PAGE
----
Posts: 40 My condolences to her family and friends. Does anyone have any more information on this? I am just concerned as I run this stretch alot. I know the highest I have run is 10,000 and that was enough to scare me. I am guessing at 12,000 it would be pretty hard to get out if you were swimming. I'm Kelvin White and it was my boat that flipped Sunday in WW. First Thank You to Caspian for sharing the story. He was very accurate and had a good source for his information. I will share my story as I posted in on another bulletin board, below. In answer to a question here, yes Bob had driven rafts for 5-6 years, but had been around 20 years ago. He had been to WW just once, 26 years back. I've been boating for 29 years. I can't agree any more with the response I've seen on this forum. In big water, swim for your life to the shore. If there's a rope, great. I fear we experienced people think of too many scenerios for the newbie to absorb when faced with swimming in Class IV big water.

I also agree with Caspian that enough can be said for the work of the BLM intern. I've seen him in a couple of situations now. He's a man ahead of his years and experience!!

Here's the article I'd written up yesterday before finding this forum and Caspian's post. I 've shared more on the Yahoo Groups Utahrafters site. I invited an old friend and his wife to join me to float Westwater Sunday. Bob &Kathy. Bob is an old friend and rafting buddy from the era 20+ years ago. We were joined by another boat with a solo boatman. I let Bob row from the put-in until the ?real? rapids ? Funnel down. Well, just 75 yards from where we were to switch drivers, we flipped. I?ve never been real sure just where Staircase and Big Hummer are, but am told the spot is at the foot of Staircase where the river doglegs left. Then there?s the smooth stretch for 150 yds. into the corner above Funnel. There?s a strong eddy on river right that manifests itself in various forms as it joins back to the main current. At different water levels there might be a surfing wave there, the rock that forms a hole at higher water exposes itself by mid summer. I?ve had a tube sucked down, hard, there before. I remember looking at it thinking it was a real strong tidy bowl. Bob tells me I said ?square up? just before we hit it. It caught the front corner of my Hyside 16 SB and we went over quick. My first reaction was to see if we could ?swim? the boat to the right, into the eddy. That wasn?t going to work. Then I thought maybe if I spooled out the throw rope, I could swim to calmer water and swing in the boat. We all directed our effort that way. I was fighting my jacket slipping up in my face, putting too much effort into keeping it down, when the initial waves above Funnel started coming in rapid succession. I?m not sure when I let go of the throw rope or where I was from the boat when I knew I had to get to shore. I also had an advantage over my guests as I knew how close I had to be getting to Funnel. The other boat with us, a small cat 13-14?, with just the boatman tried to pick me up, but I wasn't ready to risk not getting on his boat and knew I would swim Funnel. I told him to go on. Bob & Kathy stayed with the boat thinking that was the better option. I wonder if they could hold on through Funnel. Bob said they stayed close together for what sounds like near, but above Skull. They floated apart and back together once. The second time they came back together, her speech was garbled. I?m thinking this was just below Skull. Bob evidently got ahead of her somewhere below Skull and got out between Sock and Last Chance. Kathy floated by him there, but she did not respond to his shouts. Our other boat picked him up there, above Last Chance. They found Kathy, probably 20 minutes later at the upper end of the bar that has Bald Eagle at the lower end and tried CPR for 45 minutes with no response.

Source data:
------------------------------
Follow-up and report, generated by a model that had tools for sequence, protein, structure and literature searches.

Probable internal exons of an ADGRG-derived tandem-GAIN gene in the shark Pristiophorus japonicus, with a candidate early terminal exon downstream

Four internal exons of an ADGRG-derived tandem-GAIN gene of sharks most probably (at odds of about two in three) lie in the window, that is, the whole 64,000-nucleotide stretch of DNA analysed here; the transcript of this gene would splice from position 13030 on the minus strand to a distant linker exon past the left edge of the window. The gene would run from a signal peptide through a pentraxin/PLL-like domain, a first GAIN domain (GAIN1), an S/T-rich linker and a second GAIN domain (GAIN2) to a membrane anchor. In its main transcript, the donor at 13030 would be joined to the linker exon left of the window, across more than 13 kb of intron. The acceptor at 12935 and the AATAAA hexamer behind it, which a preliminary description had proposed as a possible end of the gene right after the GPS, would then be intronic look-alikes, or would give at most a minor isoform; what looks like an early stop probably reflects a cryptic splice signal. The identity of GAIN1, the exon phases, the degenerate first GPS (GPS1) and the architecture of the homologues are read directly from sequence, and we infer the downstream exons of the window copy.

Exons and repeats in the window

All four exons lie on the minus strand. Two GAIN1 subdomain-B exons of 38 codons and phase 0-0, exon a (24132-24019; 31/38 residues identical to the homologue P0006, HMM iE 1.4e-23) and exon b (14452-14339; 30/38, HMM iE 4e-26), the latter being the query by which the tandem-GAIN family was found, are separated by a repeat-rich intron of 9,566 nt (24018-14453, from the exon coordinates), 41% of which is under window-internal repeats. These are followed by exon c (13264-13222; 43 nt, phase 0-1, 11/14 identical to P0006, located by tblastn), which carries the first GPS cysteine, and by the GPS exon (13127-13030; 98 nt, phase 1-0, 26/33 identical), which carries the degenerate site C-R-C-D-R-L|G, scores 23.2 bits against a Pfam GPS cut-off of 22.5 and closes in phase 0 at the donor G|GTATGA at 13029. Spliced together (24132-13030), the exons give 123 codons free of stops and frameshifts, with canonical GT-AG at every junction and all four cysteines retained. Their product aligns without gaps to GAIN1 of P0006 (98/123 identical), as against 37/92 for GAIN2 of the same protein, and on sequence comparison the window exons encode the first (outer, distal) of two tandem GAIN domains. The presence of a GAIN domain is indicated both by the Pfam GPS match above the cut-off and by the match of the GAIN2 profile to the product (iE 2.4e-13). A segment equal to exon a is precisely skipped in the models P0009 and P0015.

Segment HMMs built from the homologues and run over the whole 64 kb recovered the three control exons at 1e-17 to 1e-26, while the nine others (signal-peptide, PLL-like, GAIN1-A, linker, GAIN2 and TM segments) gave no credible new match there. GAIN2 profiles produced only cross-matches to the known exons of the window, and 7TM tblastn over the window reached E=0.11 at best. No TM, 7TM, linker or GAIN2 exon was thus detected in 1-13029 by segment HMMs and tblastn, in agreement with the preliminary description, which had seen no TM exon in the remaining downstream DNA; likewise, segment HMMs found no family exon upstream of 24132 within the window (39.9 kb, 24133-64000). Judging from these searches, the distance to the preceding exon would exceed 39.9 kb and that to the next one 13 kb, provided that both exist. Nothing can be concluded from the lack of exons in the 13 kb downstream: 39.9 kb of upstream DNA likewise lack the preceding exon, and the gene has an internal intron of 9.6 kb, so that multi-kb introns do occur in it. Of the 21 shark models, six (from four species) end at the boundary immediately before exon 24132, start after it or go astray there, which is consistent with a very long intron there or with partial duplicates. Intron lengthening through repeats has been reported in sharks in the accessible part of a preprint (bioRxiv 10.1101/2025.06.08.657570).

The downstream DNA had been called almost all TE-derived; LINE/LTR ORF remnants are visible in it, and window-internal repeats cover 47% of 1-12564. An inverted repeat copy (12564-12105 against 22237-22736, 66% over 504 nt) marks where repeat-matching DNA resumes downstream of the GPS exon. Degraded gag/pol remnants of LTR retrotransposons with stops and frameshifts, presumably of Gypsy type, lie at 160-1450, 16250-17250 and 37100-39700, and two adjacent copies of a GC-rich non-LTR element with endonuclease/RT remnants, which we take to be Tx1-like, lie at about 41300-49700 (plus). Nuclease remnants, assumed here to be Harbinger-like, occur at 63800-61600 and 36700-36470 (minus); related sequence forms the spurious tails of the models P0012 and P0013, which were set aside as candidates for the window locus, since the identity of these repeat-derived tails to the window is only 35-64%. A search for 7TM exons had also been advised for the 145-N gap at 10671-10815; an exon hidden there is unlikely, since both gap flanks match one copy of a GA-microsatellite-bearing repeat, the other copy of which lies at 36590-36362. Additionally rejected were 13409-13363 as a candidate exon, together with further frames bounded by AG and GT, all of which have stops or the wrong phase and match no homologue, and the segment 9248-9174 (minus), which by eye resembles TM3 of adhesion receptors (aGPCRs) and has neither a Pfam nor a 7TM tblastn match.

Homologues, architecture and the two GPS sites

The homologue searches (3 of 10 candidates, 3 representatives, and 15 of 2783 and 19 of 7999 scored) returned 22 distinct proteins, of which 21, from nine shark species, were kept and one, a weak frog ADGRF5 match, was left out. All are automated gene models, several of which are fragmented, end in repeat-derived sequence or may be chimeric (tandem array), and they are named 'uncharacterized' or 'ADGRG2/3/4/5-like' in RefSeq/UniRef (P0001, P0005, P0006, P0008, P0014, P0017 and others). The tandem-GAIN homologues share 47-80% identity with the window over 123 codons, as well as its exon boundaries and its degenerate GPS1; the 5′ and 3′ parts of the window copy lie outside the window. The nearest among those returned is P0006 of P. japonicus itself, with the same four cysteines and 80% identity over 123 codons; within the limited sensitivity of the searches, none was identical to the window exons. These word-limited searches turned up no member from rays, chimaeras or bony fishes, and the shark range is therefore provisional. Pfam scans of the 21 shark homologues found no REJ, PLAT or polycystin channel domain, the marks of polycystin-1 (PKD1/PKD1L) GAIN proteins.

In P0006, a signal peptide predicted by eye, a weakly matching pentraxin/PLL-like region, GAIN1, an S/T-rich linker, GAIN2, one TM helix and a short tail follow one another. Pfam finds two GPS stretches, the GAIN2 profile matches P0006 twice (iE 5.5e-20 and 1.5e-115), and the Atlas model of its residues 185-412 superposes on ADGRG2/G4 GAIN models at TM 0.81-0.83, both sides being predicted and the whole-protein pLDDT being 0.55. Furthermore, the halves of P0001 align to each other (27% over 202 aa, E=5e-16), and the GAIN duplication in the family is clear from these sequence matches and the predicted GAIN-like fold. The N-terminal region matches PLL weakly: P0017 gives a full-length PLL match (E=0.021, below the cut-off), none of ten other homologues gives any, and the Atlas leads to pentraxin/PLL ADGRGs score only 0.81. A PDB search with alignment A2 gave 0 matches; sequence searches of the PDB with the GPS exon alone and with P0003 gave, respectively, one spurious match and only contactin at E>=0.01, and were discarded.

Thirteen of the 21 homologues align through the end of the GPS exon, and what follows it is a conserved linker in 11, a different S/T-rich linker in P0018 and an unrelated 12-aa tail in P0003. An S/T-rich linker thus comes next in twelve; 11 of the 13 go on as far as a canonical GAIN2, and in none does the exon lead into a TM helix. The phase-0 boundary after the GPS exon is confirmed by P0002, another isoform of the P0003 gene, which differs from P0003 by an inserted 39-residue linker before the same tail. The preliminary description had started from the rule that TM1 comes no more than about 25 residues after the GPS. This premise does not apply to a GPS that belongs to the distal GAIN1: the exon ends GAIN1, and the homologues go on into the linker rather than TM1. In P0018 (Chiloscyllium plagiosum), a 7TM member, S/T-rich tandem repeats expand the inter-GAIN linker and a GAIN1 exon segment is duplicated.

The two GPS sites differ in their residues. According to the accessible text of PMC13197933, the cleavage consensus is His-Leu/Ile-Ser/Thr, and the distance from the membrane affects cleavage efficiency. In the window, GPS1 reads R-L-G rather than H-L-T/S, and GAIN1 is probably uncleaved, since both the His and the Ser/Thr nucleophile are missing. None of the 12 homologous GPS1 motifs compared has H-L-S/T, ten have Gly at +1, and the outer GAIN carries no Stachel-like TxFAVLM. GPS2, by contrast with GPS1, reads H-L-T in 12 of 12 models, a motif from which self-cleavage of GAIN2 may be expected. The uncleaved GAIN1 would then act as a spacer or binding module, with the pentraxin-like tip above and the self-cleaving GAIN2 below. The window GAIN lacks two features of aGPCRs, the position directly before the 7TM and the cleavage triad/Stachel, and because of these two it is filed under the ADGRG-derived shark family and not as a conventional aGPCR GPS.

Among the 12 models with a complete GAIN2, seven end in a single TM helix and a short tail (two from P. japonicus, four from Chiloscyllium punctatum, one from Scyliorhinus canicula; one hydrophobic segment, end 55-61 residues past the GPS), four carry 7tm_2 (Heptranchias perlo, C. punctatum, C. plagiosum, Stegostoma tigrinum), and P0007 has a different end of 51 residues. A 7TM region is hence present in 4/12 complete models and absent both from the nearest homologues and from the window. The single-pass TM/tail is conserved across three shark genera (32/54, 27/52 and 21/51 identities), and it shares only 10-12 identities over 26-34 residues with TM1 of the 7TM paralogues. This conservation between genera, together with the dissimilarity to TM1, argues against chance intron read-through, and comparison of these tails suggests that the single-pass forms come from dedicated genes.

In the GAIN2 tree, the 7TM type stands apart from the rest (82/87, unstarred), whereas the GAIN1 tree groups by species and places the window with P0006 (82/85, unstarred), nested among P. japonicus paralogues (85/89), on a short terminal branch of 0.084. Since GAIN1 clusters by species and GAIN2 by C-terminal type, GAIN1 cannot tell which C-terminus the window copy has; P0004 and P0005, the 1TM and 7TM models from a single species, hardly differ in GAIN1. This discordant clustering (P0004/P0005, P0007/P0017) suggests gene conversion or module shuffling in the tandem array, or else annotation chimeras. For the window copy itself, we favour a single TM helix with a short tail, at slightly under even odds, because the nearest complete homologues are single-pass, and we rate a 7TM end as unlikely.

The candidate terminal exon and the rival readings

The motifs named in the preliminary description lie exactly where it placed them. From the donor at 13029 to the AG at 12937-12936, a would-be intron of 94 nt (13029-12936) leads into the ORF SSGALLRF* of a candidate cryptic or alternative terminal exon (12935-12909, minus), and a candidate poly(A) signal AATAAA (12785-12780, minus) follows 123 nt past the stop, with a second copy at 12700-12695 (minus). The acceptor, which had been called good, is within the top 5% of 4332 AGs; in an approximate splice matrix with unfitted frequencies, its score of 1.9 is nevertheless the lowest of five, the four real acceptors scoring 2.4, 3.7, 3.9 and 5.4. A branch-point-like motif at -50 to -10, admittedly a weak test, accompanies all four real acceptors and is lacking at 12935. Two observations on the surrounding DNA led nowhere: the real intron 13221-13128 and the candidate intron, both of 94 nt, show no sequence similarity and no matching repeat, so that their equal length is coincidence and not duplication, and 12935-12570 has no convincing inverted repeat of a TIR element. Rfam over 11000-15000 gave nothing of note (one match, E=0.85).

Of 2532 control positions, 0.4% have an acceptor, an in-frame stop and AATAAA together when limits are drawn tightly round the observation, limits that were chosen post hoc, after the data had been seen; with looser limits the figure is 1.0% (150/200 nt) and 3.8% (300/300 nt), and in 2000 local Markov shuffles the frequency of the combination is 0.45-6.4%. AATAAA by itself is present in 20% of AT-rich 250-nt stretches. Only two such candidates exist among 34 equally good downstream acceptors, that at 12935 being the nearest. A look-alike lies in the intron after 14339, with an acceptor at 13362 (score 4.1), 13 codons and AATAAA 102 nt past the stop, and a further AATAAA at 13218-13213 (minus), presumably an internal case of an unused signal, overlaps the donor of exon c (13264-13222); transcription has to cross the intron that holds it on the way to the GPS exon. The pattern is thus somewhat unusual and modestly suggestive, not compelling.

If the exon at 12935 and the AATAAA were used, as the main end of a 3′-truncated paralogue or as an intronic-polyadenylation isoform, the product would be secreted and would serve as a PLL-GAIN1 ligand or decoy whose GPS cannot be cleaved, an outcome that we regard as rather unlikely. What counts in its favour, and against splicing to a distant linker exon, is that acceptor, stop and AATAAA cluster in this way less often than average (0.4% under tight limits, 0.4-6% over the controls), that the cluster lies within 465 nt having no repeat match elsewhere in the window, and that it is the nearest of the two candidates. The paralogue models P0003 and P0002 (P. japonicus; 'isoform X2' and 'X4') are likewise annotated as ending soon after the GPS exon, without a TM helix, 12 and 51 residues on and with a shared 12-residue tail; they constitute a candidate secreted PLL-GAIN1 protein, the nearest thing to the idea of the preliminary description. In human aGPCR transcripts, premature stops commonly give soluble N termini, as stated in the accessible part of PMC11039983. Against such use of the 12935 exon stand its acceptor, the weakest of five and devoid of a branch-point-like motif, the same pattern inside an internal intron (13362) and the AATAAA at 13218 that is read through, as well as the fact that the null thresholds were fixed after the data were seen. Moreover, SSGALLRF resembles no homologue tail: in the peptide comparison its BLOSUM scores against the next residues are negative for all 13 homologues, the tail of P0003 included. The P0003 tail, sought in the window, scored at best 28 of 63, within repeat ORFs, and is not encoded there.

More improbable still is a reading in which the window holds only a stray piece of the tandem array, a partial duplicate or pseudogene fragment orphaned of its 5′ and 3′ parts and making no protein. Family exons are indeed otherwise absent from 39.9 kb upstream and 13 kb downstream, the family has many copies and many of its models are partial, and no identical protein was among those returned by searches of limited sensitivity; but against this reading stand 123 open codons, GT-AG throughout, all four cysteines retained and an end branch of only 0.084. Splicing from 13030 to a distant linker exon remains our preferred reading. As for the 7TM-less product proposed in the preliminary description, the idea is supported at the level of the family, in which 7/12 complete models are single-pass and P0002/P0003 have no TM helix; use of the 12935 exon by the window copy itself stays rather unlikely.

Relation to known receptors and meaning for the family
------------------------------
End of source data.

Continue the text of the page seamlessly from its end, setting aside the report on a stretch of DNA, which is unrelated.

When word got back up to the put in, BLM personnel came and fetched me. The take out was full of emergency personnel. Im not sure when Ive felt as surrounded by patient, compassionate, caring people. From the Grand County sheriff, ambulance, the volunteer grief counselors and definitely the BLM guys. They made the best of a rotten situation. That?s the story. I?ll start another thread with some other thoughts. Bob nor myself are taking any couldve, wouldve, shouldves. Were not taking any finger pointing. I am committed to refreshing the things I?ve learned over all my years on the river, so we don?t forget them. Please look at how you plan and organize your trips, particularly the one?s that might become more routine over the years. It can happen when and where you least expect it.

B Remoteproductions wrote: Anybody know the PFD situation? Was it on correctly/size? From talking to the victim's husband, she was floating pretty much vertically in the water with her head "nodding" forward, but not under water. We had "fitted" a America's Cup Type V, but as we know, once they're wet, they can be more slippery than we hope.